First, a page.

India has said that it will not sign Comprehensive Test Ban Treaty (CTBT) or Non-Proliferation Treaty (NPT) even if the Barack Obama administration presses it to do so. In the midst of a busy diplomatic calendar when India is using coercive diplomacy against Pakistan, External Affairs Minister Pranab Mukherjee told me in Seedhi Baat programme on Aaj Tak and Headlines Today, "We will not sign CTBT or NPT. We are committed to the bilateral agreement with the US and India-specific safeguards with the IAEA."
In response to a question related to remarks made by US Secretary of State-designate Hillary Clinton that the US may insist on reviving the CTBT, Mukherjee said that India will continue to maintain its independent foreign policy. Mukherjee’s remarks came just ahead of the inauguration of the new US President Barack Obama on January 20. During her Senate confirmation hearing, Hillary had reportedly stressed that the US will make CTBT and Fissile Material Cut-off Treaty (FMCT) as the priority of the US administration.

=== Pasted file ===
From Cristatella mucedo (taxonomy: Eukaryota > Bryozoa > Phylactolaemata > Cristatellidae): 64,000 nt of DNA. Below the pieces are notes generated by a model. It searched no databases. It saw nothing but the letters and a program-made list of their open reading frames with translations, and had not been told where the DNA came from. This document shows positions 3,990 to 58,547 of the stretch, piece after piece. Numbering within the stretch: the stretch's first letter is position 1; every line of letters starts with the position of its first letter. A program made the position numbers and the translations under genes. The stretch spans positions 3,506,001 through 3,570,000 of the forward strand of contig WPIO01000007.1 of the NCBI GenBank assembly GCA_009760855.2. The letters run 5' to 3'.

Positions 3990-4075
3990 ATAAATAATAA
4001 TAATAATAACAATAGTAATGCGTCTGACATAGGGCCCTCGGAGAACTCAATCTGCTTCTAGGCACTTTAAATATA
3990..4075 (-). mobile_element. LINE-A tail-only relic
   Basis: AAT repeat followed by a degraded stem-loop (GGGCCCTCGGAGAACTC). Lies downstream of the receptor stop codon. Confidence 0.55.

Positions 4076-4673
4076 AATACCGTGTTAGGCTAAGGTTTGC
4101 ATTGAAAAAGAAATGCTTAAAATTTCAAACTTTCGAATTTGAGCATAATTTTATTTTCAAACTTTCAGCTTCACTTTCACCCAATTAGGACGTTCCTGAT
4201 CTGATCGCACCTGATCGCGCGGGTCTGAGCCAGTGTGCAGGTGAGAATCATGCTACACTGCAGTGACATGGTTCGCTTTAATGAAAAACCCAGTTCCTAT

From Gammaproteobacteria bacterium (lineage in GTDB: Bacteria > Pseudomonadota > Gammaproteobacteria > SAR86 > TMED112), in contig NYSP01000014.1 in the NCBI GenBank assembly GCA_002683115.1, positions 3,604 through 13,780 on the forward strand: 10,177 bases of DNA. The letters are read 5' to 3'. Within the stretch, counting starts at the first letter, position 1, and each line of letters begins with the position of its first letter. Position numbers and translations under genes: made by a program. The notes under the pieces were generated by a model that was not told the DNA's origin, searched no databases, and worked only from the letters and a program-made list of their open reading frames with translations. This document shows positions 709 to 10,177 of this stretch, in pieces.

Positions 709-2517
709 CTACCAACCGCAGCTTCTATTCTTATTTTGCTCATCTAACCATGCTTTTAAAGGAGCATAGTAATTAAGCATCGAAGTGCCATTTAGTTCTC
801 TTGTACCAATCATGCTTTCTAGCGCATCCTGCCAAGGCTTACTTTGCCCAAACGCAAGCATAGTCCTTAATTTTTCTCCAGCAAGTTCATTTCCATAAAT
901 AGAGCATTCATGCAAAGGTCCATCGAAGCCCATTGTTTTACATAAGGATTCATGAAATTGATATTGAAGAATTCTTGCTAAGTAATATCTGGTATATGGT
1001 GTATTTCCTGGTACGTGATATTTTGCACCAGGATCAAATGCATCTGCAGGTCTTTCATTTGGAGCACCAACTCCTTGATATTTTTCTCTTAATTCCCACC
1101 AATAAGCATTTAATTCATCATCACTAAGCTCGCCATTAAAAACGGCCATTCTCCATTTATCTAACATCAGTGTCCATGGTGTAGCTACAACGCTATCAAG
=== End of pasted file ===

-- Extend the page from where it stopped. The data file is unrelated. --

Analysts believe that the Democrat regime under Barack Obama would strongly advocate a more hawkish approach on CTBT and New Delhi and Washington may cross swords over this.